S Koreans arrive in North for emotional family reunions

Hundreds of South Koreans cross border to North for reunions with relatives separated since war 60 years ago.

    S Koreans arrive in North for emotional family reunions
    About 66,000 South Koreans are currently registered as members of divided families [Reuters]

    Hundreds of South Koreans have crossed the border to North Korea in a stream of buses for emotional reunions with relatives they have been separated from since the war between the countries more than 60 years ago.

    The reunion programme, which began on Tuesday and lasts for a week, is taking place at the Kumgang Mountain resort in North Korea - located near the heavily fortified border.

    The elderly South Koreans said they were taking long johns, medicine, parkas, calligraphy works and cash with them to give to their family members in the North as presents.

    They will meet with their children, siblings, spouses and other relatives through Thursday. About 140 North Koreans were expected to show up, according to Seoul's Unification Ministry.

    In a second round, from Saturday until Monday, about 250 South Koreans are to visit the mountain resort to reunite with about 190 North Korean relatives, the Unification Ministry said.

    Divided families 

    Many people on both sides of the Demilitarised Zone want such reunions, but the two countries have pulled off relatively few of them.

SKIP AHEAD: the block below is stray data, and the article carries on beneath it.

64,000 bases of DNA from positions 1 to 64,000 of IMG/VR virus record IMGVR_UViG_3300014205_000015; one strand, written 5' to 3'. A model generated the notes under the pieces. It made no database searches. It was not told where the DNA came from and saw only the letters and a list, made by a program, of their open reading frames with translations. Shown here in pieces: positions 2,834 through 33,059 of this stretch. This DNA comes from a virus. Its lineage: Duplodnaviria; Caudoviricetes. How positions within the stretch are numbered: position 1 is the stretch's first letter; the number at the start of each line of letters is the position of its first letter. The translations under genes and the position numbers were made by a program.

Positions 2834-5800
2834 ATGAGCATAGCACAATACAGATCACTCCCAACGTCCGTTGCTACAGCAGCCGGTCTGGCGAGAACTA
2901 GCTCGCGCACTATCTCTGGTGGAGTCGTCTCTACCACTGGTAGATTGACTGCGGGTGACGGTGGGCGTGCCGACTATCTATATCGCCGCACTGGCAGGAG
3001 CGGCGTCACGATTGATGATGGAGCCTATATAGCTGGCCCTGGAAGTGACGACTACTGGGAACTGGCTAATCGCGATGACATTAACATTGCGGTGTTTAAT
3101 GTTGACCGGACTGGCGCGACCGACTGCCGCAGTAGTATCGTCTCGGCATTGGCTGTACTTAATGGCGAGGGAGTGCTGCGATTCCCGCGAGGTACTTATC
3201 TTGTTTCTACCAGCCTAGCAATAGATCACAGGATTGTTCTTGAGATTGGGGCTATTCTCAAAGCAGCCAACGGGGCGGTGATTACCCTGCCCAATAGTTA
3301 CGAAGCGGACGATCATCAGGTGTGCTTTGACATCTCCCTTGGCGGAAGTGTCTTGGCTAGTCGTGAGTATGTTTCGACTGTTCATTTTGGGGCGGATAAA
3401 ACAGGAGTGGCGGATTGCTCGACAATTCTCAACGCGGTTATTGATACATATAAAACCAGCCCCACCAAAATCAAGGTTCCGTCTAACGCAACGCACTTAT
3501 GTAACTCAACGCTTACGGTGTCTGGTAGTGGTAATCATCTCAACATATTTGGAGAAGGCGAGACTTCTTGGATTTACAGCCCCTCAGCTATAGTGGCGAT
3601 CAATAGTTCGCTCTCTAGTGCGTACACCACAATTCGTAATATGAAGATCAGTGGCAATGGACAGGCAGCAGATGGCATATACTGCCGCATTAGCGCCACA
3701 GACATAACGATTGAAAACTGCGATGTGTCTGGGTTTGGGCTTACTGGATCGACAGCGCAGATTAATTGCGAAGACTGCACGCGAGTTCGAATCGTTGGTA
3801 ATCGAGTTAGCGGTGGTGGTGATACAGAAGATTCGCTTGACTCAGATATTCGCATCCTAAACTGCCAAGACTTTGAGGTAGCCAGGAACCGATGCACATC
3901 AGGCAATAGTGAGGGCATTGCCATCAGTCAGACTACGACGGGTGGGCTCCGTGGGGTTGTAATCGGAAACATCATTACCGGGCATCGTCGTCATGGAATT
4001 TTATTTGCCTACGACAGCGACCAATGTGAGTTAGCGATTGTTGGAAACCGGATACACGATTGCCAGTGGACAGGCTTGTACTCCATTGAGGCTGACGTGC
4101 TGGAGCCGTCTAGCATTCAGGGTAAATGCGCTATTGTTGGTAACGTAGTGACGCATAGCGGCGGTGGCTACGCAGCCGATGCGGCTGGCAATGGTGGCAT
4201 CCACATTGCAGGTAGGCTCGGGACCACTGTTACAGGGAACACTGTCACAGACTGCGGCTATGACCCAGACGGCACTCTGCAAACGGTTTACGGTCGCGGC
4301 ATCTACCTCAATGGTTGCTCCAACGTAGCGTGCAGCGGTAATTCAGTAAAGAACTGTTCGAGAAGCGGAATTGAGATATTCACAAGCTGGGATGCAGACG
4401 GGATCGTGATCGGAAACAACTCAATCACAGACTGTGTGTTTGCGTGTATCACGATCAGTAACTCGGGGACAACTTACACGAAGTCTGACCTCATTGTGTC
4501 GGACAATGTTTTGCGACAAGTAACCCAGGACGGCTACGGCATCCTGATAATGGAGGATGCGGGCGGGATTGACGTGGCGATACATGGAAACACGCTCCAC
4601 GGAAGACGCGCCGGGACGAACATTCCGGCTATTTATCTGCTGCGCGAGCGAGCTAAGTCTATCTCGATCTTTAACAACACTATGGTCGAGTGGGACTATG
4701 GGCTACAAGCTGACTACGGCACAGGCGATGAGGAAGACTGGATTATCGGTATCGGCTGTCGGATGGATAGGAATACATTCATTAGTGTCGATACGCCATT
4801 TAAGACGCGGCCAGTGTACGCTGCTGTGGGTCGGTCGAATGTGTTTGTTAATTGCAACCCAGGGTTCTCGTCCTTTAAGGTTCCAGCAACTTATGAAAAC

The first round of reunions was in 1985. After a 15-year gap, several more followed from 2000 to 2010.

    The most recent reunions took place in February 2014.

    After the negotiated end to a recent armed confrontation across the border, the two Koreas agreed in August to restart the reunions.

    About 66,000 South Koreans alive today are currently registered as members of divided families with the South Korean Red Cross.

    When specific reunions are planned, Seoul chooses a small number for the meetings by lottery, then the two governments check that the relatives on both sides are still alive.

    There is some time pressure on the meetings due to the advanced age and dwindling numbers of those eligible to participate. Most surviving members of separated families are in their 70s and 80s.

    SOURCE: Agencies


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